An influential account of the covert struggle between the security forces and the IRA.
Big Boys' Rules includes a neat diagram at the back of the book which details the evolution, through the 1970s and 80s, of Army and RUC covert units in the areas of surveillance, agent-running and firearms.
The substance of the book details the events underlying that diagram, the successes and failures of changing tactics, the political controversies they provoked, and the ever shifting lines of demarcation between Army and RUC responsibilities.
The definitive account of one of the most remarkable stories ever to emerge from Britain's secret state.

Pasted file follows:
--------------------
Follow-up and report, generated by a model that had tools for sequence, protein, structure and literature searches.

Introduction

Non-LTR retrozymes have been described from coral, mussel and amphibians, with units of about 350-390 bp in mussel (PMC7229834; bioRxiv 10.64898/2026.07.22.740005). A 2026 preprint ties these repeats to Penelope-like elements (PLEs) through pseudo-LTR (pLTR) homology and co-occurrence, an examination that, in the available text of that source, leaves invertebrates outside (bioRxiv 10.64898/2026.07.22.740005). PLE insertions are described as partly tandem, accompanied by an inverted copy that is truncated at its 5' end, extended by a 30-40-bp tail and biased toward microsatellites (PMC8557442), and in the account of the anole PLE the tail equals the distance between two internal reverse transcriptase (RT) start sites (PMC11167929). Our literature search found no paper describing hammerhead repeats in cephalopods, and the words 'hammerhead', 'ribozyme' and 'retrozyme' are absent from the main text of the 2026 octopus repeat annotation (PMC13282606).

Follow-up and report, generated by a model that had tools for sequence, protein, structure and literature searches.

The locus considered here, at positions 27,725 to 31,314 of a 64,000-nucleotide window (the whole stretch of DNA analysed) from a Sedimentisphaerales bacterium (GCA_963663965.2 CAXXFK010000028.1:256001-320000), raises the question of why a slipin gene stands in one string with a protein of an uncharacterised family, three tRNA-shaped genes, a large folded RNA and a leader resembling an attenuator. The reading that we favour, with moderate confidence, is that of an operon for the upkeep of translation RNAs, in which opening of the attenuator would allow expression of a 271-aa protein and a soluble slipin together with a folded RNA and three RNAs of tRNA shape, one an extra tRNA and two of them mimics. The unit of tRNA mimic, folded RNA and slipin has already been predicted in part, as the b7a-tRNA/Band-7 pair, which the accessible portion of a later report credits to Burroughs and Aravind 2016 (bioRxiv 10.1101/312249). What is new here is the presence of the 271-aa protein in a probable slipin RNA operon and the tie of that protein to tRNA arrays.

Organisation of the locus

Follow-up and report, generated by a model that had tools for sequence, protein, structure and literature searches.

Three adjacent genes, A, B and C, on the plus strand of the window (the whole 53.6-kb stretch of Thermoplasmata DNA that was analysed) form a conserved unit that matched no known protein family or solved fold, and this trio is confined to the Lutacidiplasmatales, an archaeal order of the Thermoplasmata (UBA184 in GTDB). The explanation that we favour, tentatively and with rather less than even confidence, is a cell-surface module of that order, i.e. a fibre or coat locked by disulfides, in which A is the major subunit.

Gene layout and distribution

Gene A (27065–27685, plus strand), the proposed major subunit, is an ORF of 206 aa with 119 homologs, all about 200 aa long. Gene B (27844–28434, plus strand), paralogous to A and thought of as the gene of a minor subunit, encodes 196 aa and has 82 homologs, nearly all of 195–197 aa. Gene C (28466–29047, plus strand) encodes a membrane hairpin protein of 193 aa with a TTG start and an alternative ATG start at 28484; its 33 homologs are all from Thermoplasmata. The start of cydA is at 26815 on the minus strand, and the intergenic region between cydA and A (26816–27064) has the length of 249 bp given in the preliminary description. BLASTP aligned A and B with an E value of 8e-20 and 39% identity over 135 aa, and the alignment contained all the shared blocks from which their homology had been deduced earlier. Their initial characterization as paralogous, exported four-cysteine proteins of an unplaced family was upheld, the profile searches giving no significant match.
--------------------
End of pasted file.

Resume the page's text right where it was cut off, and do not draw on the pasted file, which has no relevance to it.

When the British Army arrived in Northern Ireland in 1969, the local knowledge of Antrim-born public relations officer Colin Wallace proved a godsend. As the conflict developed, information became a crucial battleground, and Wallace became increasingly involved with psychological warfare.
Initially, this meant working with MI6, but in 1973 the Northern Ireland role passed to MI5. This was followed by the initiation of project Clockwork Orange, a smear campaign intended to discredit paramilitary leaders.
However, as Foot shows using Wallace's contemporary notes, the project soon became a right-wing propaganda campaign aimed at British politicians, notably including the key smear that Harold Wilson was a KGB agent.
The campaign intensified in 1974, as MI5 set out to undermine the new Labour government and it's attempt at power-sharing in Northern Ireland, the Sunningdale Agreement.